Answering the question ‘Will I get better?’

Speech pathologists lack a consistent approach to communicating post-stroke recovery information to patients, a University of Queensland study has found.

Speech pathologist and UQ School of Health and Rehabilitation Sciences Ph.D. student Bonnie Cheng said professional support was needed to develop guidelines on the best way for clinicians to talk about options with patients.

“Patients and families are often looking for hope when asking about recovery,” Ms Cheng said.

“Aphasia—a language disorder that can occur after a stroke—causes difficulties with speaking, understanding, reading and writing that can be debilitating in everyday life.

“One in three stroke survivors have aphasia, and that can leave sufferers socially isolated and at risk of mental health difficulties.”

The study surveyed 54 speech pathologists about a series of hypothetical aphasia prognosis delivery scenarios.

Ms Cheng said most clinicians felt the patient’s emotional wellbeing, hopes and expectations and comprehension of information were key considerations when delivering a prognosis.

“Factors relating to the nature and severity of post-stroke functioning, a patient’s level of motivation, and the availability of social support were seen as most important for forming an aphasia prognosis,” she said.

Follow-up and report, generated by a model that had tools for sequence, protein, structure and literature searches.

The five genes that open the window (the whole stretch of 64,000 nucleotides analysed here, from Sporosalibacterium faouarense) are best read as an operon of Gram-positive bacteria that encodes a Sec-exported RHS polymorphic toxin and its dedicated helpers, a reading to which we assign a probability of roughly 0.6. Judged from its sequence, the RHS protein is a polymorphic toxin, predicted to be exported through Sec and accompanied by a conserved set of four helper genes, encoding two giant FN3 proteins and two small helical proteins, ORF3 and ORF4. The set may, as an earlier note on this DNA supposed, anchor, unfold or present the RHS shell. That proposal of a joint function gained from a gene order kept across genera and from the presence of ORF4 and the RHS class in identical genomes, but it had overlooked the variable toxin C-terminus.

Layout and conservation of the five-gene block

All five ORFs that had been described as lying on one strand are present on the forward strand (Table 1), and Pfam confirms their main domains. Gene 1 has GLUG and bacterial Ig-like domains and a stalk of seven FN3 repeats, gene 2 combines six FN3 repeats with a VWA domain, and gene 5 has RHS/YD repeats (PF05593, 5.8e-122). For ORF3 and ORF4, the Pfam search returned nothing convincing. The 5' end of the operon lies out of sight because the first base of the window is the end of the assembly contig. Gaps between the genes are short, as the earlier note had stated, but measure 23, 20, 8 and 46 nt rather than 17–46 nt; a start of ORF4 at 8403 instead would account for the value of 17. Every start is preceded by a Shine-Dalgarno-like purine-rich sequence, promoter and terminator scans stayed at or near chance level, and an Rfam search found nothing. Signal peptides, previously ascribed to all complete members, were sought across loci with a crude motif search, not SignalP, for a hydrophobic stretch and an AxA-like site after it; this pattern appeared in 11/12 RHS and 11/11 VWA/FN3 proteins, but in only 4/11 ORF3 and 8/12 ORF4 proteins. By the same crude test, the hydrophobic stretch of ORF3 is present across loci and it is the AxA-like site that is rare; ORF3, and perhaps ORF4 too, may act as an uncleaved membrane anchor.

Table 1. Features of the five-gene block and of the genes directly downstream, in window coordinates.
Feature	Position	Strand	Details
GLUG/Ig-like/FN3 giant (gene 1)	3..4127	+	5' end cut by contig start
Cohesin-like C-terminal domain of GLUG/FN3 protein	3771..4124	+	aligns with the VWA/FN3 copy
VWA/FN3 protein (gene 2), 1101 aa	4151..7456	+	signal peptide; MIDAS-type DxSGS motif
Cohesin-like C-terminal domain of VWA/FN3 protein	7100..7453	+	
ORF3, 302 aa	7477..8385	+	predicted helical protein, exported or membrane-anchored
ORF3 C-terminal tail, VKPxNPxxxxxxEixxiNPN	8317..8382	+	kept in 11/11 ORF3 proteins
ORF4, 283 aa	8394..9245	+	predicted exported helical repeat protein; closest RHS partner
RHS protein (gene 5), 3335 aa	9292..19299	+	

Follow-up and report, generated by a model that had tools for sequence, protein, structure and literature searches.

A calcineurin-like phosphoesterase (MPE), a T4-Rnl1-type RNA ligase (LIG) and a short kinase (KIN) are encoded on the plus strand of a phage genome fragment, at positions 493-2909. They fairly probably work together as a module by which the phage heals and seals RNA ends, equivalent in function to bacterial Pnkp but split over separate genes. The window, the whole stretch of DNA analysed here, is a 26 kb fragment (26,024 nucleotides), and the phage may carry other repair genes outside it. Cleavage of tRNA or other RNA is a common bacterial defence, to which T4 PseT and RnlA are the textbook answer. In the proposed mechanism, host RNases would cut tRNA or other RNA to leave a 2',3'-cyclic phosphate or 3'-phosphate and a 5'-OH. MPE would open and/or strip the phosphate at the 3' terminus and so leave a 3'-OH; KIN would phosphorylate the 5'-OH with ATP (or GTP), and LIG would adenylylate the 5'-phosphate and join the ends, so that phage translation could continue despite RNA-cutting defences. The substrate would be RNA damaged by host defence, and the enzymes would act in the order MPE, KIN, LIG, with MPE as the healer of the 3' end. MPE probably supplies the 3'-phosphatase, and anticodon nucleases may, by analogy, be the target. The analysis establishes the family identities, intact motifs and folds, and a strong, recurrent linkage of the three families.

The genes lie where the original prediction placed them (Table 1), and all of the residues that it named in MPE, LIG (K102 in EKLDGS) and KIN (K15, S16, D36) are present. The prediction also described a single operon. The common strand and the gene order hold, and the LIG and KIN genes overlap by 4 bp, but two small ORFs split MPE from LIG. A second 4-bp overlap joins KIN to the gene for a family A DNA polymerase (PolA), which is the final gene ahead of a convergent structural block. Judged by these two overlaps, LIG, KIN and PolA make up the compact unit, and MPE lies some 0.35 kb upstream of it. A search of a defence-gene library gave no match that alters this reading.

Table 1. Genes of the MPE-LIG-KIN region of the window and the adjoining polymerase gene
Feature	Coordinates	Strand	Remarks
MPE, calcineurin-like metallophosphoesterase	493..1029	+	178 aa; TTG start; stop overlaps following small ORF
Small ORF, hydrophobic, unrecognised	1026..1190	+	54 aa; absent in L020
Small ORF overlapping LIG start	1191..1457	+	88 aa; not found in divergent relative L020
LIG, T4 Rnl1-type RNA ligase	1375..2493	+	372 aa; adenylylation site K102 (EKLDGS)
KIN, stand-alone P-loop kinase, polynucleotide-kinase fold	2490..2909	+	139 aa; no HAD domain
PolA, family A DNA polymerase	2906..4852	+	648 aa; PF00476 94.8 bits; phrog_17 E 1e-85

“However, speech pathologists’ responses were varied not only in what they said but in how they framed their responses, using a range of expressions to communicate predicted outcomes in different ways.

“Prognosis responses included actual predictions of recovery, as well as other information about attributes and activities contributing to recovery.

“Information was often communicated through a combination of qualitative probability expressions such as ‘probably’ and ‘likely’.”

Ms Cheng said because aphasia recovery was unpredictable, and due to the delicate nature of these conversations, evidence-based guidance on prognosis delivery was needed.

“Current approaches to answering difficult questions about aphasia prognosis are reliant on experience and professional judgement,” she said.

“Prognosis delivery is complex, intellectually demanding, and emotionally taxing and speech pathologists want more training and support for undertaking this task.

“The development of evidence-based guidelines for prognosis delivery in aphasia would be beneficial for clinical practice.”

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